What to do with printed fabric packaging

I often think about the balance between individual action and collective action. I don’t place a huge amount of store by individual action. It is important, yes, up to a point. But if we want to rise to the collective challenge of the climate emergency we will need collective action as well. On the other hand–individual action is about engaging one’s own ethics, and it is highly educational. When I think about the amount of effort I put into avoiding plastic, I can see how thoroughly entrenched the fossil fuel industry is, in every aspect of our lives, and how hard it is to disengage from that without wider policy change. My diligent efforts have never extracted me from this. And nor can I find enough hours in the day to address all the textile waste going on around me.

I have been helping a dear friend with the textiles left in her family home after her parents died, and despite their extreme frugality, their mending and care for clothing, their dust coats and pinnies (aprons–) there is a lot of work to be done to attempt to deal with what remains in any ethical and thoughtful way. I have a lot of knowledge and capacity in this area these days and even so, I’ve found myself profoundly challenged. If I can keep to posting regularly, more on this later! But for now–all this is to say that it is heartening to see things that are thoughtfully packaged. Such as some soap nuts that a friend had bought, that came to me for some reason. These are just what they sound like: the fruit of a tree that contains a soap-like compound, that you can use to wash your clothes (and depending on your commitment and your assessment of the outcome–so much more!) They came in a nicely made, calico bag printed with the details of the contents. To my mind, really overpackaged. That is a biodegradable package (apart from the thread, as it turned out)–but quite a precious one in terms of the resources and time needed to create it.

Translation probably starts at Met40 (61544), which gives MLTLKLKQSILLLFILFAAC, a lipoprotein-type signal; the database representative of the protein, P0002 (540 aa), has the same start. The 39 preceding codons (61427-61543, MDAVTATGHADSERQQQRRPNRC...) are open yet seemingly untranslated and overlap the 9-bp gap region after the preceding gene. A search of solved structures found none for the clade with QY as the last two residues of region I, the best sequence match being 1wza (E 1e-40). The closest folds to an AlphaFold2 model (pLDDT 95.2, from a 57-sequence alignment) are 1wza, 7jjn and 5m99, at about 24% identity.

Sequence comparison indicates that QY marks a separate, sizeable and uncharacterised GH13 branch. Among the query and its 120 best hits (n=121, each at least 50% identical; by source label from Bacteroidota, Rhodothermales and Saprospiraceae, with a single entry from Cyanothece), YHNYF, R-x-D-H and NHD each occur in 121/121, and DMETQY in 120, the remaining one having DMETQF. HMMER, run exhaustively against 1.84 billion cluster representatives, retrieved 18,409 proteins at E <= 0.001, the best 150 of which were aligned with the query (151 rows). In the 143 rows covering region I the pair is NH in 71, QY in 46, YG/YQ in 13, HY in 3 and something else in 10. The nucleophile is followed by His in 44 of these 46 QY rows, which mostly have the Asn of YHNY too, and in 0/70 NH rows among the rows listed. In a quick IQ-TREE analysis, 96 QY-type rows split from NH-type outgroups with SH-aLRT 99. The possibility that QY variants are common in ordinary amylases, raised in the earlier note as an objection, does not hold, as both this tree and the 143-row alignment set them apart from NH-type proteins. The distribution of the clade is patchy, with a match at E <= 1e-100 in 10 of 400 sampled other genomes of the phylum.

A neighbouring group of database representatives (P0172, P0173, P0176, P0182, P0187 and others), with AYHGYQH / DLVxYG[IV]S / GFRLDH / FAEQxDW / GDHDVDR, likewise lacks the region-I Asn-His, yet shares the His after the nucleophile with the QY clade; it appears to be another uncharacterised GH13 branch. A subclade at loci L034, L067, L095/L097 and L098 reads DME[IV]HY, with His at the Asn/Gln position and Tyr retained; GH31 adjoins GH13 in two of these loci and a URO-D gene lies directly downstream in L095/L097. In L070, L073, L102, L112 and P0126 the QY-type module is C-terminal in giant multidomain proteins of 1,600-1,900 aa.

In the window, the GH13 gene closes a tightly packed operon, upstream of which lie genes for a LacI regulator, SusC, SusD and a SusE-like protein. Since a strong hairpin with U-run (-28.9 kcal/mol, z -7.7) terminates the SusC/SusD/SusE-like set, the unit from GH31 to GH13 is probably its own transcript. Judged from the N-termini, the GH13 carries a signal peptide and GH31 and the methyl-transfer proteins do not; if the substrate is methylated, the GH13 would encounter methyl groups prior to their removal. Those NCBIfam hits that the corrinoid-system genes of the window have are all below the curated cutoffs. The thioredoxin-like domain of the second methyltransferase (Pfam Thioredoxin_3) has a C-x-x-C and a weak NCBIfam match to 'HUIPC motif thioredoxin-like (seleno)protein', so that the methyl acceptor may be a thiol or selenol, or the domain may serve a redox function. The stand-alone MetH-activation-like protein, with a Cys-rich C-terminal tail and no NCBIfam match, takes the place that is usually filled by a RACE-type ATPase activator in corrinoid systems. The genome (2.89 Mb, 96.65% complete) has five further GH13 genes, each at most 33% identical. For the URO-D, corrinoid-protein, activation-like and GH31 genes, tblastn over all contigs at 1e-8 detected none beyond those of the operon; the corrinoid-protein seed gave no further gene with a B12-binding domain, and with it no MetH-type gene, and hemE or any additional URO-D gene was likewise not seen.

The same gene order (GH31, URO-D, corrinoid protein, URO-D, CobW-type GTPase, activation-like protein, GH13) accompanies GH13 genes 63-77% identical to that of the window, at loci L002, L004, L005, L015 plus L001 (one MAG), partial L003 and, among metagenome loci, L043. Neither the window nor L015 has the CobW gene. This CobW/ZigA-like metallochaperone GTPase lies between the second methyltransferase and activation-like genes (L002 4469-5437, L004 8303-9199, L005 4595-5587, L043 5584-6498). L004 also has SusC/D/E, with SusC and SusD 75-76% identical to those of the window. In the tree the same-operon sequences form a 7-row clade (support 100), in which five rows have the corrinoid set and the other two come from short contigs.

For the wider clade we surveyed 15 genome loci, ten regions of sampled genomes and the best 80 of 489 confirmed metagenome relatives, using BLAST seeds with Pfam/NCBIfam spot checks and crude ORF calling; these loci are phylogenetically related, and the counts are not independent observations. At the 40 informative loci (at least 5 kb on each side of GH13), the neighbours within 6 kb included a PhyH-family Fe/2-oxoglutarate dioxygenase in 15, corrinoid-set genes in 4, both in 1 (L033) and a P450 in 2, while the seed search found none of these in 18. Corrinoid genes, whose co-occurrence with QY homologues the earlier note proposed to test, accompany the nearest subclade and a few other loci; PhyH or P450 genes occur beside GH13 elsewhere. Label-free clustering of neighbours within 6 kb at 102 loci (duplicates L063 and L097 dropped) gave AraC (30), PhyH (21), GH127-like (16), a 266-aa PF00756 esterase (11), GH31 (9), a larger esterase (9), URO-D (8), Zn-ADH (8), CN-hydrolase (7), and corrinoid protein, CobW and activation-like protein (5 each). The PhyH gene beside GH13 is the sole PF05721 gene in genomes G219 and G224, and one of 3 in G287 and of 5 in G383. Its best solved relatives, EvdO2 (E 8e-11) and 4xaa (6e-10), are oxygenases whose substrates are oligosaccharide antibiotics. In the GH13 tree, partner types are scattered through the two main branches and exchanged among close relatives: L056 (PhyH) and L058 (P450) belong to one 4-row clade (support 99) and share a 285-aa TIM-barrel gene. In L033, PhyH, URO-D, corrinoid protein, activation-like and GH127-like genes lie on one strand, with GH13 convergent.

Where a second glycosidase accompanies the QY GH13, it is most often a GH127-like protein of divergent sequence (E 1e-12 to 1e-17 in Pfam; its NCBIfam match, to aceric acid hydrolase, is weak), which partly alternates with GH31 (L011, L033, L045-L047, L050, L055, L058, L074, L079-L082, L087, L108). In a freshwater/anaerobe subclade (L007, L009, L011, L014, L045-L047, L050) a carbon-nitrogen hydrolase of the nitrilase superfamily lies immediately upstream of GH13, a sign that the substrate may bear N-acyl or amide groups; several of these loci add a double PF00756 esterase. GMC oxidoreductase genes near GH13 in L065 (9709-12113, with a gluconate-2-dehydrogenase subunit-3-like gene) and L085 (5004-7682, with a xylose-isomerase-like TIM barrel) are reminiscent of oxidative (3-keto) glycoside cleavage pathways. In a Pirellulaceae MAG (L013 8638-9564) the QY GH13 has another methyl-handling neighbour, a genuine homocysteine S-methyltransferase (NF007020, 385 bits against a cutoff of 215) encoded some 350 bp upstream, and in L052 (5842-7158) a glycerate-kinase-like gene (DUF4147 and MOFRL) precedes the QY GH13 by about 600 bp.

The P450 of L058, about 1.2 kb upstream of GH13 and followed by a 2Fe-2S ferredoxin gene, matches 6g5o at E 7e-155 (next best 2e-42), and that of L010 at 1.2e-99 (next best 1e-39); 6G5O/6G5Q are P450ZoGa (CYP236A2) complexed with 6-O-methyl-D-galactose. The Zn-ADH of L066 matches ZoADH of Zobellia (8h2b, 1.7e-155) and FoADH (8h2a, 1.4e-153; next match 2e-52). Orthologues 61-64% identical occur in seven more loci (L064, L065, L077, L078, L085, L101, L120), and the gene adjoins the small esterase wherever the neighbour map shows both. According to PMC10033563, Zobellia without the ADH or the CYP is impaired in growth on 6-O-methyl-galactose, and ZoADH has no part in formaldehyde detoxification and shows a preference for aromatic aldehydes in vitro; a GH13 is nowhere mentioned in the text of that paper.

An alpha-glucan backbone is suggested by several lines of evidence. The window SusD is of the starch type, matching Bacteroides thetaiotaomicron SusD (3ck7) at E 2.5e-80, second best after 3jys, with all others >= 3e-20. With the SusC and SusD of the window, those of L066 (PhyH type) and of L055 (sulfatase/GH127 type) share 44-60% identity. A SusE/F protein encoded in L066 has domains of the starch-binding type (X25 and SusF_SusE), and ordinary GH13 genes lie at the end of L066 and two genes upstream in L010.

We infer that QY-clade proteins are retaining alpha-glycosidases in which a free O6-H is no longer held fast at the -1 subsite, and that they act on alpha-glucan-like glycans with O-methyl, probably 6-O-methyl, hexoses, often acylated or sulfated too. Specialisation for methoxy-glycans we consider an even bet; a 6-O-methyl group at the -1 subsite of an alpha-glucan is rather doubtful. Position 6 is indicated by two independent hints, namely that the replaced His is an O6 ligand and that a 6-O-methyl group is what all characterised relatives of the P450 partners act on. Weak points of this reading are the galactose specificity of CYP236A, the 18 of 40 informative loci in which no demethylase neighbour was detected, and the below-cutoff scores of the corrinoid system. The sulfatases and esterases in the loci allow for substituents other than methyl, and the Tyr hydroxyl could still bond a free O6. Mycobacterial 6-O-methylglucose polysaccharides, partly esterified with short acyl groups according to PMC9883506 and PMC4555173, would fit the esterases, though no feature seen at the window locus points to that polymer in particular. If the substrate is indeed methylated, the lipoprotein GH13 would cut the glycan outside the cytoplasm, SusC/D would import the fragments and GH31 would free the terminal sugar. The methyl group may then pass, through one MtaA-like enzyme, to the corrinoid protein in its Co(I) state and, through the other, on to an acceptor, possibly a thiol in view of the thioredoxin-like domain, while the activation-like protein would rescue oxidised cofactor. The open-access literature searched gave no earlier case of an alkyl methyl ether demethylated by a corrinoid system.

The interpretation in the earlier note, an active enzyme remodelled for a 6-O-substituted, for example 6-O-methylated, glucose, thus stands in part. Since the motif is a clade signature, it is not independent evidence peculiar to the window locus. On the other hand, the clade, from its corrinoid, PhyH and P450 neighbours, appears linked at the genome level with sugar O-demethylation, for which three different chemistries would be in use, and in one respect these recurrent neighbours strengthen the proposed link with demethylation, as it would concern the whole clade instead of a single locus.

This creates a different kind of issue: what to do with this calico bag? In the end, I decided to overdye it with indigo, so that the printing would be less visible. The images above are pictures of my indigo vat, living in a barrel gifted to me by generous friends, and in health after a year of dormancy. This took weeks of daily thought, learning and adjustment, and an epic day scouring my city for needed ingredients! My dyeing efforts were only partially successful. The printing resisted the dye. So then, to stitching.

This image doesn’t do justice to the colours involved, but you can see my problem with the printing!

I had wanted to try this kind of stitching for ages, and as usual, a low stakes opportunity like a recycled soapnuts bag is just the kind of opportunity I will grab with both hands and lavish hours of effort on! The thread is silk embroidery thread dyed with all kinds of plants over a considerable period.

Little by little, the text on the bag largely disappeared (and certainly drew the eye a lot less), and to me it now looks more like a treasure pouch and less like a piece of packaging.


Filed under Natural dyeing

2 responses to “What to do with printed fabric packaging

  1. This is a wonderful result. Like you I fully appreciate that even insatiable textile people cannot deal with every last piece that comes their way. I try not to despair but hope I can find reasonable use for things.

    Liked by 1 person

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